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Sunday, 17 August 2008

Singin' in the Rain at Bookfairs

Simon the gardener has strimmed a large patch of the weedy vegie bed so that I can assemble the new chook shed. One of the things I'm having to get used to on my return from Oz is the variance in terminology. In Oz the strimmer would have been a whipper-snipper. Any variance for USA or other parts of Europe?

Since he did this, it has rained a lot every day so the chook shed is still flat packed and wrapped.
As you can see here it is leaning up against the side of the house helping to block the drive with the pieces of carved sandstone church window that I bought in a local auction. One day these pieces which assemble to make a centuries old quatrefoil window surround will be used to frame a Japanese tranquil area of stones, sand and other inanimate objects that can enhance a garden.
The previous tenants left the soccer goals and they will be taken out onto the green soon, by the local young lads to replace the after school impromptu cricket games up against the giant Horse Chestnut tree.

I had hoped that Simon's exploits with the strimmer would gain me access to the cherry tree but there is still a giant wall of nettles to protect it from me. The birds are now getting the best of them and even though I tried a step ladder, I could not get close enough to grab more than a dozen. It is a prolific fruiter and I will be ready for a more effective onslaught next year. This year the birds can continue to feast.

I spent the day at the Tynemouth Station Bookfair and had a wonderful time. I woke to steady, heavy rain and it continued as I drove north through it for an hour. As I arrived it stopped, then it cleared and stayed fine all day BUT I needed my thick cardi.

I had been promoted to the central section of the Book Fair and enjoyed the "newly arrived customers" rather than the glazed-eyed book shufflers that you get further down the platform of the old station.

I was happily surrounded by familiar faces from Darlington. I bought some Tiffin Family silver plate. I bought books from my neighbours and they bought books from me. I met Richard H and told him I would say hello to Carol for him. He missed her at the Scottish fairs last week and I knitted half of a second sock.

Nothing better than a contained space and a lack of anything else to do, to get you through a second sock. I had aready cast on and all I had to do was knit. I am using the basic 3k,1p rib sock from Hilda . GT was fascinated and so I'm now employed to knit some socks for TT.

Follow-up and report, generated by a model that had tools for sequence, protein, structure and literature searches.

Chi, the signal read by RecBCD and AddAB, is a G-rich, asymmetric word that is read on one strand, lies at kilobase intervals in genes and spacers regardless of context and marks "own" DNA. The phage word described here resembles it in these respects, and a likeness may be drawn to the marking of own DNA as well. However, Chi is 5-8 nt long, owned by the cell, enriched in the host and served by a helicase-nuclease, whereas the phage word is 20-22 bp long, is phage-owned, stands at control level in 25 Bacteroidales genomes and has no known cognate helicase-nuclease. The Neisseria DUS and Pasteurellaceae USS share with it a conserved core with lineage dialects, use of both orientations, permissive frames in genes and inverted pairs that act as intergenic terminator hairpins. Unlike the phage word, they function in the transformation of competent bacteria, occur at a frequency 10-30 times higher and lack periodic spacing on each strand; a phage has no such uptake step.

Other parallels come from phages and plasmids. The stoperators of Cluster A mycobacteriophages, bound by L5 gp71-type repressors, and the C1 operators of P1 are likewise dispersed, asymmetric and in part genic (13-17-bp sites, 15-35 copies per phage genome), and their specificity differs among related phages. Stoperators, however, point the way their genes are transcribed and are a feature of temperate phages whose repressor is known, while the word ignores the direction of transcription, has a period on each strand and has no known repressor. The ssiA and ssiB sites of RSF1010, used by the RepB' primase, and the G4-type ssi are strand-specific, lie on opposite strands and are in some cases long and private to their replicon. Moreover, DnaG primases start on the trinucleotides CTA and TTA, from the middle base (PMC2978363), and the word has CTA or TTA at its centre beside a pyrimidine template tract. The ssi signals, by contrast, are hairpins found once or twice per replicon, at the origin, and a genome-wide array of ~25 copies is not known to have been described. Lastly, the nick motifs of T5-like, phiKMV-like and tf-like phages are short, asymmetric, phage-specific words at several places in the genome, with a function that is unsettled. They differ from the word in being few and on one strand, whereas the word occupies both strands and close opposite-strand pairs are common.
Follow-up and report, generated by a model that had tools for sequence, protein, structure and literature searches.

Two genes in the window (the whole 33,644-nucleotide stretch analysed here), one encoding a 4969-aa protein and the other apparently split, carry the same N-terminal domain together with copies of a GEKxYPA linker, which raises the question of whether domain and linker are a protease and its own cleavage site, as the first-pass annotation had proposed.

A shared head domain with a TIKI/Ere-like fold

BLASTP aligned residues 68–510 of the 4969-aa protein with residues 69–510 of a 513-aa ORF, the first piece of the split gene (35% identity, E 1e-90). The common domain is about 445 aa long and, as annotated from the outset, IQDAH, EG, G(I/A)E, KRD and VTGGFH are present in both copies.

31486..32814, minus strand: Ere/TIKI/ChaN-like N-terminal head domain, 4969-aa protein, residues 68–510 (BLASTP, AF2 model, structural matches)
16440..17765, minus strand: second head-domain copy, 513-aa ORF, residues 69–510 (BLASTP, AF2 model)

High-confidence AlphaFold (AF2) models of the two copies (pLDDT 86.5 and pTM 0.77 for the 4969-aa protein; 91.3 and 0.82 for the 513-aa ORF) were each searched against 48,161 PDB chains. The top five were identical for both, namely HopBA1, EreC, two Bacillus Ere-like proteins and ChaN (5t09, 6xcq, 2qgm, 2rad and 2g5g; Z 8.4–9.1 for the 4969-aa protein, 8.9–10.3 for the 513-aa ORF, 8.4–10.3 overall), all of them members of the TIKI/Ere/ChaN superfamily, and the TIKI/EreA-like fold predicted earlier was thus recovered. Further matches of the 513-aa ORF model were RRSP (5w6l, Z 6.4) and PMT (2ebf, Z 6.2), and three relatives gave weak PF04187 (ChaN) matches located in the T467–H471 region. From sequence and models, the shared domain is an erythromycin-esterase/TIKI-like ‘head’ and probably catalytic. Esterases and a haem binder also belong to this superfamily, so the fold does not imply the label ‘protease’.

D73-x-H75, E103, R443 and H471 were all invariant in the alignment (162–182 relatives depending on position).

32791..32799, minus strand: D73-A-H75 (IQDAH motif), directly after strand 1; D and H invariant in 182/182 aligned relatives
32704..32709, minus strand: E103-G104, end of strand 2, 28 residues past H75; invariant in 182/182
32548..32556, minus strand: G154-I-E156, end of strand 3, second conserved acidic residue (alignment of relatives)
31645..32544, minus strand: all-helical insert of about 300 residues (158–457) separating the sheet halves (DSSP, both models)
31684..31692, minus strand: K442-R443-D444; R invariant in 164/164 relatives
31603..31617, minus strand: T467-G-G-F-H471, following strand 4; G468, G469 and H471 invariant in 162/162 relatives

Because I was knitting on 4 needles I attracted some attention from other knitters. Carrie-Anne came by and spotted me from behind because of my stand-up and knit behaviour. Another lovely lady wanted to know where I got the sock wool from. Once again I have passed on
Becky's name. She has a stall at the craft market in Darlington and she gets the Lana Grossa sock wool and also put me onto the Wensleydale Longwool Sheep shop.

I must now go and unload the car. No matter how well you do and how many books you think you have sold you always seem to come home with as much as you left with....
Cheers to all


carol said...

Oh ain't that the truth! (The coming home with as many books as you left with.) How nice that you saw Richard. I did miss everyone; it's always such a nice atmosphere at book fairs.
delighted to hear you had a good time.

trish said...

The strimming looks great and the chicken rescue farm gets one step nearer.
Glad you still like the sculpture.
Now all that's needed is a trailer!

gonga said...

Hi, eventually I have got around to leaving a comment!!!. Your house and garden are looking fantastic, even in the damp summer weather. we really need to catch up again, seems like ages!!( next Bishop group 19th September)

Anonymous said...

Aww thanks Gillian! My family were like 'Only ONE A?'. That really means alot. I know someone who lives in Darlington, and I love knitting too! I actually started Textiles for GCSE but dropped it for erm...various reasons. Keep up with the blogging, you write about things, and they always make me smile! xx

Amongst The Oaks said...

Hi Gillian,
Over here in the US we call a strimmer a weed eater. I think strimmer (string/trimmer) makes more sense, because a weed eater doesn't actually "eat" the weeds, now does it? It's sometimes called a weed whacker too.